I would like to call your attention to a misleading statement that appeared in the Industry Watch section of the October, 1995, issue of Oncology News International under the title "Casodex Approved for Prostatic Cancer" (page 23).
The statement reads: "The company reports that after a median follow-up of 95 weeks, Casodex [in combination with an LHRH agonist] was similar to flutamide(Drug information on flutamide) (Eulexin) in its effect on survival."
You should be aware that the Professional Information Brochure for Casodex from Zeneca Pharmaceuticals actually states the following: "At a median follow-up of 95 weeks, time to treatment failure with Casodex-LHRH analog therapy was not dissimilar when compared to Flutamide-LHRH analog therapy" (page 4).
This clarification is quite important, as the pivotal trial that compared Casodex (bicalutamide) to Eulexin and formed the basis of Casodex's approval by the FDA did not, in fact, show improvement in either time to disease progression or survival.
Rather, this study utilized as its primary endpoint, the unusual endpoint of time to treatment failure. This is defined in the study as "withdrawal from the study for any reason." Time to treatment failure is generally not accepted by the medical community as a primary efficacy endpoint.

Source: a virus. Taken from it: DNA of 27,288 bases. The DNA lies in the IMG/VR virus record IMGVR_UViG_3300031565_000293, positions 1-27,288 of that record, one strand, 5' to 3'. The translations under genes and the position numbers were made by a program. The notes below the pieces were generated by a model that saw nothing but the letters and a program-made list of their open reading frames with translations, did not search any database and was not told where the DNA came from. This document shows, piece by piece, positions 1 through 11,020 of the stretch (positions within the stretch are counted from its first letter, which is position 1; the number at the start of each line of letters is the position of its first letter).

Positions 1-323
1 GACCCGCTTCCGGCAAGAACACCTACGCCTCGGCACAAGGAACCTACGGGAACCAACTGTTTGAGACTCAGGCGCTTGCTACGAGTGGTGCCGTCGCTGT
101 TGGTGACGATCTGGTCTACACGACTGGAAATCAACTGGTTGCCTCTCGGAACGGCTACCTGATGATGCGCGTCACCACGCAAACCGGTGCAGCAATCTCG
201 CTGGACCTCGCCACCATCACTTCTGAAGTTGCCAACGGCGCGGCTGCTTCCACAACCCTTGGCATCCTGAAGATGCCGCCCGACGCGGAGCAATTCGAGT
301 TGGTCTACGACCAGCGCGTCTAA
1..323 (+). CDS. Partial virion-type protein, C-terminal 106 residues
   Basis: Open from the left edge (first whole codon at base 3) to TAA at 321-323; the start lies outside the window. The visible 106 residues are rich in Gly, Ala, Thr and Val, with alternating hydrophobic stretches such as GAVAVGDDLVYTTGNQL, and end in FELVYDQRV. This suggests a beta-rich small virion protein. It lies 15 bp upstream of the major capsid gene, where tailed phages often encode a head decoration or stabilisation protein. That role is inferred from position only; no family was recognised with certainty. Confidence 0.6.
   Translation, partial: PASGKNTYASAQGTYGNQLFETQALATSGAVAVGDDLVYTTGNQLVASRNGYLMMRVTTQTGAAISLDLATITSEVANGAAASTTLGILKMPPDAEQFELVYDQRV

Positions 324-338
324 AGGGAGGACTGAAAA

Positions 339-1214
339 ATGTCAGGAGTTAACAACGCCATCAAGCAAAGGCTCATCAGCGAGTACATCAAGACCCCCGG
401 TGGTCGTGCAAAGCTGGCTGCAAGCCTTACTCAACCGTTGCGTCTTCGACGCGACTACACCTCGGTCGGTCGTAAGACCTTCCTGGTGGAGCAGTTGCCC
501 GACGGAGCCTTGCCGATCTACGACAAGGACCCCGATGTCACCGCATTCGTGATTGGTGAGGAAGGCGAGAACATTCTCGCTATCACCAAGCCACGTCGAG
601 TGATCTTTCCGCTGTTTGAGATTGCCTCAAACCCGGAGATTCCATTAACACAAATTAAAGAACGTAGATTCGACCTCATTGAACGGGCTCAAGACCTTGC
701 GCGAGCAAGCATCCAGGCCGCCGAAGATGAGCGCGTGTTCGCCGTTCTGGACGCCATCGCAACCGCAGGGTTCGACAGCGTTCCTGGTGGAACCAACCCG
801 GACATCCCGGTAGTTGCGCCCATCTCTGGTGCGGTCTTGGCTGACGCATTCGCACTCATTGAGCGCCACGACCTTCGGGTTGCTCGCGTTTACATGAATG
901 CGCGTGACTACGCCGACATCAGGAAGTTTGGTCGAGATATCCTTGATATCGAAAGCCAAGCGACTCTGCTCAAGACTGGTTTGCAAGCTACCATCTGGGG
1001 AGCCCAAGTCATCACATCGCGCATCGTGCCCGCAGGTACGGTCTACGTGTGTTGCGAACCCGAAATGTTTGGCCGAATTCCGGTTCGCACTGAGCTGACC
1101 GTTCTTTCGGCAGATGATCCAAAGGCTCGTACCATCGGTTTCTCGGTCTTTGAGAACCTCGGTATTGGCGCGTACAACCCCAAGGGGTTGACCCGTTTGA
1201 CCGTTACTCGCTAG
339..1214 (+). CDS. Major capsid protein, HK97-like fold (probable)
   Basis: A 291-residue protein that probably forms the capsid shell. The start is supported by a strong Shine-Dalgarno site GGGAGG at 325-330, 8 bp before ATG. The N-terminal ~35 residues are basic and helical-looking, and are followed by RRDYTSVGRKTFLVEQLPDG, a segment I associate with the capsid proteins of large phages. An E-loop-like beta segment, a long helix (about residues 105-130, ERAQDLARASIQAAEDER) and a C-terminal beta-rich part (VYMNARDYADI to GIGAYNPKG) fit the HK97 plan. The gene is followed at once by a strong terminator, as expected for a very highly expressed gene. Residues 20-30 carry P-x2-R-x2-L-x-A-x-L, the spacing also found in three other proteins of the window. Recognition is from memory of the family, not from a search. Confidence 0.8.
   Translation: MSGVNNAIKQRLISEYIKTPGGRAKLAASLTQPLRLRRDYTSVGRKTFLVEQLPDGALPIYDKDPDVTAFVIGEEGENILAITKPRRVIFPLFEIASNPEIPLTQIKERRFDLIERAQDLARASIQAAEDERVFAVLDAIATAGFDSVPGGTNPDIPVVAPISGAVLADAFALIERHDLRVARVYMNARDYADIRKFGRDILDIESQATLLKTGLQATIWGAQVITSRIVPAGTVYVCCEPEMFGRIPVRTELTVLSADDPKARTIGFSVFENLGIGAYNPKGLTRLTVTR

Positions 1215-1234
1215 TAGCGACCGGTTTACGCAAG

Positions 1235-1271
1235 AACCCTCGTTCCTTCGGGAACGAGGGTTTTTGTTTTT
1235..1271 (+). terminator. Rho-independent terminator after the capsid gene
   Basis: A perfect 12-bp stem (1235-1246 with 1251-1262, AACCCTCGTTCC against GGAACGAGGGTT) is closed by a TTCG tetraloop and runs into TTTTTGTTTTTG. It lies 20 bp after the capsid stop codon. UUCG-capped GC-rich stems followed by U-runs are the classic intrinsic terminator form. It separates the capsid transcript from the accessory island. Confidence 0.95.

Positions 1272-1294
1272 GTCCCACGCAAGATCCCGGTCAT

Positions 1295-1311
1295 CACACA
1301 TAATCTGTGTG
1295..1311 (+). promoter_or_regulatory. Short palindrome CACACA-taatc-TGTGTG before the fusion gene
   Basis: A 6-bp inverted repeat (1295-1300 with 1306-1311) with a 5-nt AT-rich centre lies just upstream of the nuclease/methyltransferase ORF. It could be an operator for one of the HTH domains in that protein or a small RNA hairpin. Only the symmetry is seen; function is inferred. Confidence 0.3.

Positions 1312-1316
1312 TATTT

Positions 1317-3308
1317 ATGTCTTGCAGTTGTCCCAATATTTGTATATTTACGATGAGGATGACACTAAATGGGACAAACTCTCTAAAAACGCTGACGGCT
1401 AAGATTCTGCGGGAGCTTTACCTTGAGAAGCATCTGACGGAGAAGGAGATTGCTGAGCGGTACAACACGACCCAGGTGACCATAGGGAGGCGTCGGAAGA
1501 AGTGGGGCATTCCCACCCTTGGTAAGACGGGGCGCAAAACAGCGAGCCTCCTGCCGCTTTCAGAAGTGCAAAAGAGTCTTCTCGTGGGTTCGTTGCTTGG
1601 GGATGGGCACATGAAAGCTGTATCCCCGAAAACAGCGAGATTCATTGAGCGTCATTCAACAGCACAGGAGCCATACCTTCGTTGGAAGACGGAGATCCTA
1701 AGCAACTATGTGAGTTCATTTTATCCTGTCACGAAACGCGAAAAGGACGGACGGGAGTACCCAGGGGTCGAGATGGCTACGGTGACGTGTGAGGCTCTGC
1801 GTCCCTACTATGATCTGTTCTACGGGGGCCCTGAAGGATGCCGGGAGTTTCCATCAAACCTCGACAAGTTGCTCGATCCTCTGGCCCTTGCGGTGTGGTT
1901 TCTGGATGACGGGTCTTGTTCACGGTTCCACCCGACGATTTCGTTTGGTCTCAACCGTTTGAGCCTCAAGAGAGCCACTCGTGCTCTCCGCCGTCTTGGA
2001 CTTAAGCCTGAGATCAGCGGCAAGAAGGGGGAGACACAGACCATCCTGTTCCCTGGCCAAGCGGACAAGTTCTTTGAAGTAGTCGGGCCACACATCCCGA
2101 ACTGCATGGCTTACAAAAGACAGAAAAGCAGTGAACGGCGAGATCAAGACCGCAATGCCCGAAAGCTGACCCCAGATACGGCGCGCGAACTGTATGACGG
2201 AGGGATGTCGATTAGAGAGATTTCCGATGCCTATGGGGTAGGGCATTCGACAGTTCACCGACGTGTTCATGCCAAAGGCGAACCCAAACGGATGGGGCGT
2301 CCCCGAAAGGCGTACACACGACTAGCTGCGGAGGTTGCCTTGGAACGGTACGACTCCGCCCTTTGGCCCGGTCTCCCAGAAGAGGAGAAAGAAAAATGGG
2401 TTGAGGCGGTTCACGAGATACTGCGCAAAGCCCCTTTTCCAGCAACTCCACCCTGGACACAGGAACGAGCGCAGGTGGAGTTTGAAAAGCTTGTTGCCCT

In contrast, Schering-Plough's Eulexin (flutamide) has been shown in several major studies to delay progression and extend survival time for advanced prostate cancer patients. One pivotal study conducted by the National Cancer Institute showed that, in patients with minimal metastatic bone disease, Eulexin, when initiated with an LHRH agonist, delayed progression by 29 months and increased overall survival by 19 months.
In a follow-up item on the approval of Casodex that appeared in the November, 1995, issue of Oncology News International (page 24), your reporter refers to findings from the Casodex study on side effects.